Physician burnout is getting increasingly common, but several different initiatives can potentially hinder its institutional growth.
Over the past few years, there has been an increasing awareness that physicians are experiencing burnout at a staggering rate. Research conducted by the Mayo Clinic in 2011 showed that around half of physicians had at least one symptom of professional burnout. A further survey done by the Colorado Medical Society in that same year revealed that only half of the physicians they surveyed found the opportunity to exercise routinely and practice healthy eating habits – even fewer felt they had time for leisure activities (like yoga and reading). It’s no wonder, then, that the Department of Health and Human Services is projecting a shortage of 50,000 physicians by 2020; how can you choose the right doctor when there won’t be any doctors around?
Doctors Require Our Empathy
Physicians need to be able to take care of themselves in order for them to take care of us. This critical role that we’ve relied on as the authority for our health and wellness requires our empathy.
An internal medicine physician was leading a discussion recently on how to design a primary care model that allowed physicians to work more easily at the top of their scope – with smaller, administrative tasks delegated to supporting teams. The physician, a kind and earnest person told his peers with a solemnity:
“When I got home last Friday, I couldn’t focus because I was thinking about whether or not the patient I sent home with chest pain was going to be okay.”
This is the reality. Our physicians are people with emotions, anxieties, and lives outside of the exam room.
The average physician takes in more stimuli in a single day than most of us are aware of. We see them in a vacuum. They are the people that diagnose us and treat us, but after they see us there is a host of other duties they are assigned. They have to sign-off on our charts and make sure our care is meticulously documented so that they don’t cost their organizations money. They answer emails and call patients with bad news. They constantly have to learn new technologies, medical evidence, and procedures.
How to Combat Institutional Physician Burnout
All of the perks that come to mind when we think of physicians (like the high salaries, the several weeks of vacation, and the prestige) can be overshadowed by the strain of long hours of direct patient care, administrative burdens, educational debt, and the mere intensity of their responsibilities. Several institutions and leaders are trying to address this through initiatives and programs that aim to provide education and wellness resources to physicians. While these programs are invaluable, the challenges that impact physicians are often systemic and will require comprehensive optimization. Here’s how we can do this:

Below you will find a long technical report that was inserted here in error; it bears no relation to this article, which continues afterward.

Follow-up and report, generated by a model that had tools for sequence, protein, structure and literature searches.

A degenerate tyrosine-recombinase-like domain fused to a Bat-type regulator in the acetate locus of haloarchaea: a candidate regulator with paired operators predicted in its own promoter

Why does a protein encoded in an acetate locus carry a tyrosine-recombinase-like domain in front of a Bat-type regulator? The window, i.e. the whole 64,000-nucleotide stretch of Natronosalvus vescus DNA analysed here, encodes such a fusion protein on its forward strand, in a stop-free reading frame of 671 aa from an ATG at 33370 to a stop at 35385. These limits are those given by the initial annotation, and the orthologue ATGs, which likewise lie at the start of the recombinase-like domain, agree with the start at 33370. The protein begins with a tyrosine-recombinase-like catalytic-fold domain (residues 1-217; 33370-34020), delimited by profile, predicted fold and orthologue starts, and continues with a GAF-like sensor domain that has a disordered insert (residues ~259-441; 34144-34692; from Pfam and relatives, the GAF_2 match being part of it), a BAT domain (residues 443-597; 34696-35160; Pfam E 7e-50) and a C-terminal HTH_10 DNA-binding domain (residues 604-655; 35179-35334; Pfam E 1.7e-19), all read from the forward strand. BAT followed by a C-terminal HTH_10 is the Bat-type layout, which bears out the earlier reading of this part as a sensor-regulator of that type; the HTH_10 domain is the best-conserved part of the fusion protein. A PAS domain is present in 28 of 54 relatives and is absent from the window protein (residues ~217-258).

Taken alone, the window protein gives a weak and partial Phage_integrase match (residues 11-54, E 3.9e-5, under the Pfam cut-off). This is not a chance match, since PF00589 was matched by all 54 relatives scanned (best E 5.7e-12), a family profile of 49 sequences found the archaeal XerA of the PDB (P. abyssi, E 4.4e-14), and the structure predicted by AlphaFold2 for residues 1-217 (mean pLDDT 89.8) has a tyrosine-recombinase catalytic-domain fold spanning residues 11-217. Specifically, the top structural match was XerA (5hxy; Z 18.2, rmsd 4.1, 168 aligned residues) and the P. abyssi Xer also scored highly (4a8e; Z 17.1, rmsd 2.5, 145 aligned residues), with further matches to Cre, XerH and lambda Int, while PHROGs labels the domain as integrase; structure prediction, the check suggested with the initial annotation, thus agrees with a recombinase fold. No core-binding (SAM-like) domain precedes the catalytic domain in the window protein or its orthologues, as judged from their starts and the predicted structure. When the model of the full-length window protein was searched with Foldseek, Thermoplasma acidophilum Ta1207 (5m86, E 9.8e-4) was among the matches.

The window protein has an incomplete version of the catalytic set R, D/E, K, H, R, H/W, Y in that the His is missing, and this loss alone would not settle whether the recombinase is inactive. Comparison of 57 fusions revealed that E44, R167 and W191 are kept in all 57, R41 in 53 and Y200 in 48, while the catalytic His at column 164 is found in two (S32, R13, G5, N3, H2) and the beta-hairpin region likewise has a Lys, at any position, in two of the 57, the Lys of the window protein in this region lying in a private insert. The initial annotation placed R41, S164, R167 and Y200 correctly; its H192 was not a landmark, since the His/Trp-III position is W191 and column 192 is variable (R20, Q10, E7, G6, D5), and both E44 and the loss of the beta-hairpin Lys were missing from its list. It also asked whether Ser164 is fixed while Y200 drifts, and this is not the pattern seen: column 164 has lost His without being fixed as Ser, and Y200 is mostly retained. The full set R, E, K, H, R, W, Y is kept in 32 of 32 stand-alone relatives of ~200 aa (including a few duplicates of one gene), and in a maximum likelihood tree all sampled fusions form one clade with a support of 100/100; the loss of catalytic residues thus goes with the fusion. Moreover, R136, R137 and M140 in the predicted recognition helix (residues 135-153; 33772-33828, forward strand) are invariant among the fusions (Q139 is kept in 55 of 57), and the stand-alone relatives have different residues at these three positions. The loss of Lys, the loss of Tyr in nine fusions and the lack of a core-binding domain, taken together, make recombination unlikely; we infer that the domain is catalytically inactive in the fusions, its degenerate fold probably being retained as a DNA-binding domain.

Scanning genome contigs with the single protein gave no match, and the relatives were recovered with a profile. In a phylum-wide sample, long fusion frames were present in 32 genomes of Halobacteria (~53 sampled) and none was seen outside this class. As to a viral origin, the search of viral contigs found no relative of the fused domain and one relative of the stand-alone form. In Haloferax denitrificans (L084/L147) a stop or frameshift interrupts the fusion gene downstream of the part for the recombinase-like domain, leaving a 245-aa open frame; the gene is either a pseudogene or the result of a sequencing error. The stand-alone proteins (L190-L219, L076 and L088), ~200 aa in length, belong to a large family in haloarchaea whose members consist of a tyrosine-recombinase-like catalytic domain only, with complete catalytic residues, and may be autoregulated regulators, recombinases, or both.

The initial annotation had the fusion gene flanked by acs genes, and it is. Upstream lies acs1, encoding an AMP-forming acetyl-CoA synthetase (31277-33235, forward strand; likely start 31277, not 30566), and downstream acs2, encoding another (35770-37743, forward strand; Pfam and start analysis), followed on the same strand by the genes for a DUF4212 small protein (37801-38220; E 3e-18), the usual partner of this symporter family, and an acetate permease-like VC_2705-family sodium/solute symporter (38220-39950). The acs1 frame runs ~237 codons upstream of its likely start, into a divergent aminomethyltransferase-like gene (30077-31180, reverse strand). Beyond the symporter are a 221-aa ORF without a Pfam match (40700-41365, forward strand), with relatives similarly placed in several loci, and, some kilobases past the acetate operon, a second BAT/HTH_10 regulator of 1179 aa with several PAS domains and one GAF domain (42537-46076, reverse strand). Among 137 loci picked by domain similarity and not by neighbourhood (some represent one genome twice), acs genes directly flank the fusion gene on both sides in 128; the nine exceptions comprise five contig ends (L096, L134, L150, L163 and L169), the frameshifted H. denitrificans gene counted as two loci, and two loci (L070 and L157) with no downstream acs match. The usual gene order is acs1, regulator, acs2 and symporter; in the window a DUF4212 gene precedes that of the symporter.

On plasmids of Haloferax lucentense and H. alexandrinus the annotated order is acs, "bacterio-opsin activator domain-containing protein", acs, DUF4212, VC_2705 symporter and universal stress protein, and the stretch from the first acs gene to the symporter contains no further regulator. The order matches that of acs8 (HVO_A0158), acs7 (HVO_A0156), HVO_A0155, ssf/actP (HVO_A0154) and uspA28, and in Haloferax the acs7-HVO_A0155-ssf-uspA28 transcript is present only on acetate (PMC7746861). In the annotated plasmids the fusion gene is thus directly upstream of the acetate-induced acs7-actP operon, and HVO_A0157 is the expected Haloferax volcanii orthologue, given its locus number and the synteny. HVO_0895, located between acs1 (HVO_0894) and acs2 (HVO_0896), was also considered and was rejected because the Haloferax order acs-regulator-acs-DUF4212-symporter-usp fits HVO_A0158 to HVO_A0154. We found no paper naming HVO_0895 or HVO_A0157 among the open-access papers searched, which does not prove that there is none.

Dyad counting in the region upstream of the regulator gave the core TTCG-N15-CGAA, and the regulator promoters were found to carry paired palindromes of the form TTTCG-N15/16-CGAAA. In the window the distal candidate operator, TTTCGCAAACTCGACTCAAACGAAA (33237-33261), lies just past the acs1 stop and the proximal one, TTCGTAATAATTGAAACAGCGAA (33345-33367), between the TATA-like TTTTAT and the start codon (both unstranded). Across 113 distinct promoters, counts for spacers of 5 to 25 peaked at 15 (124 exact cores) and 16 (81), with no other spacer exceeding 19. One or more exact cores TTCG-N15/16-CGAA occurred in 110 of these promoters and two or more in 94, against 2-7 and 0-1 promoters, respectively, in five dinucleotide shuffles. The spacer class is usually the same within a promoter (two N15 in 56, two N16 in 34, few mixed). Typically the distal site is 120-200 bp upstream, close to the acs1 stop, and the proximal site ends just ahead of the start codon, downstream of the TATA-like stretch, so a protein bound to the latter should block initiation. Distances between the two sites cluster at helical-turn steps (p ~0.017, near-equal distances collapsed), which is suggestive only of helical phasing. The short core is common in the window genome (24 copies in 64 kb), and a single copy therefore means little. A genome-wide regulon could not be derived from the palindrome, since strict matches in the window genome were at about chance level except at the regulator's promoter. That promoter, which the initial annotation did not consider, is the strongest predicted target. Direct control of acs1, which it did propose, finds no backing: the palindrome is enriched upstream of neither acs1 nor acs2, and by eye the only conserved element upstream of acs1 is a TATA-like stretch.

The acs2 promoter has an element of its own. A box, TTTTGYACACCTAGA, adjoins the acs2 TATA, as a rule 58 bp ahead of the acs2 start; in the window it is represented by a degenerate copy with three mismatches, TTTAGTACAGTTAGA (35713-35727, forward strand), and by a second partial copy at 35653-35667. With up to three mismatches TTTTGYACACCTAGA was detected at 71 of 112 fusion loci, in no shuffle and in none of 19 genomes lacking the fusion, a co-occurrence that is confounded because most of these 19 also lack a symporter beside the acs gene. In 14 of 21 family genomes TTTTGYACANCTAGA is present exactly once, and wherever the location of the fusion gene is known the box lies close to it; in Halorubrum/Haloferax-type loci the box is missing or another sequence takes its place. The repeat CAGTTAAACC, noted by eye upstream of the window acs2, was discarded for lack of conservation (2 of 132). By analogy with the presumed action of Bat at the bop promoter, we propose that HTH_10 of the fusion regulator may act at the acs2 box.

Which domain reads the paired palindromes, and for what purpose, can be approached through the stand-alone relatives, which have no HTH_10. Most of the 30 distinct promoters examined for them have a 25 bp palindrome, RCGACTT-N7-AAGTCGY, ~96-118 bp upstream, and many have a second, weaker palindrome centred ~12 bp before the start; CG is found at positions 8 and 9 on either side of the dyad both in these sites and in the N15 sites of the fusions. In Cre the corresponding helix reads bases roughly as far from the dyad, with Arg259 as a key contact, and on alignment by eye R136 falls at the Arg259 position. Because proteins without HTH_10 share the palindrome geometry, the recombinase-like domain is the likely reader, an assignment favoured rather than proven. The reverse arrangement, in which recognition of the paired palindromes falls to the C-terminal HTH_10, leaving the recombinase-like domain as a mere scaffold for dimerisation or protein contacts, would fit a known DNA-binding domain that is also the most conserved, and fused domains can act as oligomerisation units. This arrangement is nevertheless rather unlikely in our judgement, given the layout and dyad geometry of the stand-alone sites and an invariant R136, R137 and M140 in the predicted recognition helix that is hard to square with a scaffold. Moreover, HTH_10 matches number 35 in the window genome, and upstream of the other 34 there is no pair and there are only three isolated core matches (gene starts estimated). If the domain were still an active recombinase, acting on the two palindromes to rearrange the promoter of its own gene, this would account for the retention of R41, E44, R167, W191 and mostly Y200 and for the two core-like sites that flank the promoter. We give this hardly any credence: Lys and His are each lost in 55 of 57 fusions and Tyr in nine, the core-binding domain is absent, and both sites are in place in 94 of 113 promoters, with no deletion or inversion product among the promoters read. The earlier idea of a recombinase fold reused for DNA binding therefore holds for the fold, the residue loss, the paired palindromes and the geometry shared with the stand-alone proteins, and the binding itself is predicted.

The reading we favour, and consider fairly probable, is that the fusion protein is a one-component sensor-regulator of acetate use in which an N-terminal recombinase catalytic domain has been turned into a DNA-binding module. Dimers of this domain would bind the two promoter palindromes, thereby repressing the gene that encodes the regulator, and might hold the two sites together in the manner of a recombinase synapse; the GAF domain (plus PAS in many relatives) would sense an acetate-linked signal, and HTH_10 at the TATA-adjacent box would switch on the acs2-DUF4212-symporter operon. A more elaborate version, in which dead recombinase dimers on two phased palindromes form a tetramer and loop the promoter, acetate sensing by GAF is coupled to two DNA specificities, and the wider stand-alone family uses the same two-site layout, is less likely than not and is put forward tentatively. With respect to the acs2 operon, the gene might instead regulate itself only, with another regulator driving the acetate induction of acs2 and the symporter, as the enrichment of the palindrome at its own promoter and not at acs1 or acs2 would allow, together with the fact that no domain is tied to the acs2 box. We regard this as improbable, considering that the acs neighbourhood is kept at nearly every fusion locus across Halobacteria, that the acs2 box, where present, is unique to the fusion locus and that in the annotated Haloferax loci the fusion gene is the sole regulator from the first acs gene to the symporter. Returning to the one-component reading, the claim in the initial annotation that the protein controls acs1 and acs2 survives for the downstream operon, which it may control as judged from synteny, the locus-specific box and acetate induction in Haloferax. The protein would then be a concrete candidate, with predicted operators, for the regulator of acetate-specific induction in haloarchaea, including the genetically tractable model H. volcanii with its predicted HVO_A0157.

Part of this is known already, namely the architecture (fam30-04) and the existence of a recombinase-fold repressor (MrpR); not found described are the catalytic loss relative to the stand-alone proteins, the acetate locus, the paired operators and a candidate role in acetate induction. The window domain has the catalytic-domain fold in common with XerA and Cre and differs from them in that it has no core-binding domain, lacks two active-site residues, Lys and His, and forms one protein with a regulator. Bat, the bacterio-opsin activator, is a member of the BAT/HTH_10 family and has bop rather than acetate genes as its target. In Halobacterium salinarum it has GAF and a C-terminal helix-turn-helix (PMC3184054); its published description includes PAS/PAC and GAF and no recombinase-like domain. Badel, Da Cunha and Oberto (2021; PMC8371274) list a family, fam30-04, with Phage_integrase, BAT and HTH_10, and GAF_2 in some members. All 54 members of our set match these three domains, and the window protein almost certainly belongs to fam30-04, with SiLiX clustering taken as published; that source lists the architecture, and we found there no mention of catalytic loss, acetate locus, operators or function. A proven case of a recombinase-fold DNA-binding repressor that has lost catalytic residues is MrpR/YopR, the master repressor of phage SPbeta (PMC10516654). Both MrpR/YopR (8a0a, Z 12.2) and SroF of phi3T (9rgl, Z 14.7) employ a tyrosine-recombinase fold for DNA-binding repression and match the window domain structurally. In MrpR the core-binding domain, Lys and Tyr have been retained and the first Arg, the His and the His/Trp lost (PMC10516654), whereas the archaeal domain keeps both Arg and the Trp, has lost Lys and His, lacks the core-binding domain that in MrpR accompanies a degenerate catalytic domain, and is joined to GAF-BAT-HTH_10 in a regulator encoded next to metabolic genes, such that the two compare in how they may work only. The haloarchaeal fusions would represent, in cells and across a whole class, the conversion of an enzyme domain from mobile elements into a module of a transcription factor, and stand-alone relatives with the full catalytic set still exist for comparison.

1. Appropriate Digitization
Vendor assessments have never been as critical as they are now. With the abundance of technology solutions budding all over the country, we can’t put our physicians’ work at risk by selecting products that will complicate their tasks further. Interoperability is key: the more we can turn physician workflow into a simple and seamless process, then the more we can expect to see physician burnout decrease.
2. Design-Thinking Strategies
Imagine working for an organization where you felt fully confident that everything around you was designed to make doing your job easier, where the ideal end-product (patient health) was only as difficult to achieve as the disease you were treating. If healthcare organizations can think creatively about how to support the provider-patient relationship, we have a chance at maintaining physician inspiration.
3. Social Care to Support Healthcare
A physician can only do so much for a patient who doesn’t comply with his or her treatment plan, and there are myriad reasons why that barrier occurs. Oftentimes there are socio-economic reasons that make improving a patient’s health more difficult. They can be tangible, like difficulties with obtaining transportation or affording medication copays. They can also be intangible, like stressful relationships at home. Adequate social services can support physicians in helping people, the goal most people entering the field want to continually achieve.
Physician Burnout Decreases Patient Care Quality
The negative impact of the physician burnout epidemic isn’t contained to only physicians. It impacts the people they work with everyday, their families, and the patients that rely on them. While policy makers continue to debate the financing of our systems, there needs to be equal focus on revolutionizing the way care is delivered so that physicians have the practical tools they need to heal others.
Dr. Katie Richardson, a pediatrician and one of the many physician leaders out there promoting physician wellness with passion and zeal, says:
“I think the work toward a solution should be done by both individuals and organizations. Organizations need to be leveraging teams and technology to reduce administrative burden as well as looking for new innovative models of care. Mindfulness and other resilience building activities have been shown to be effective at reducing burnout for individuals.”
So, what can we do as patients to help facilitate progress toward physician wellness? Maybe the next time you see a doctor, take the time to ask if they’ve had a moment to take a deep breath that day.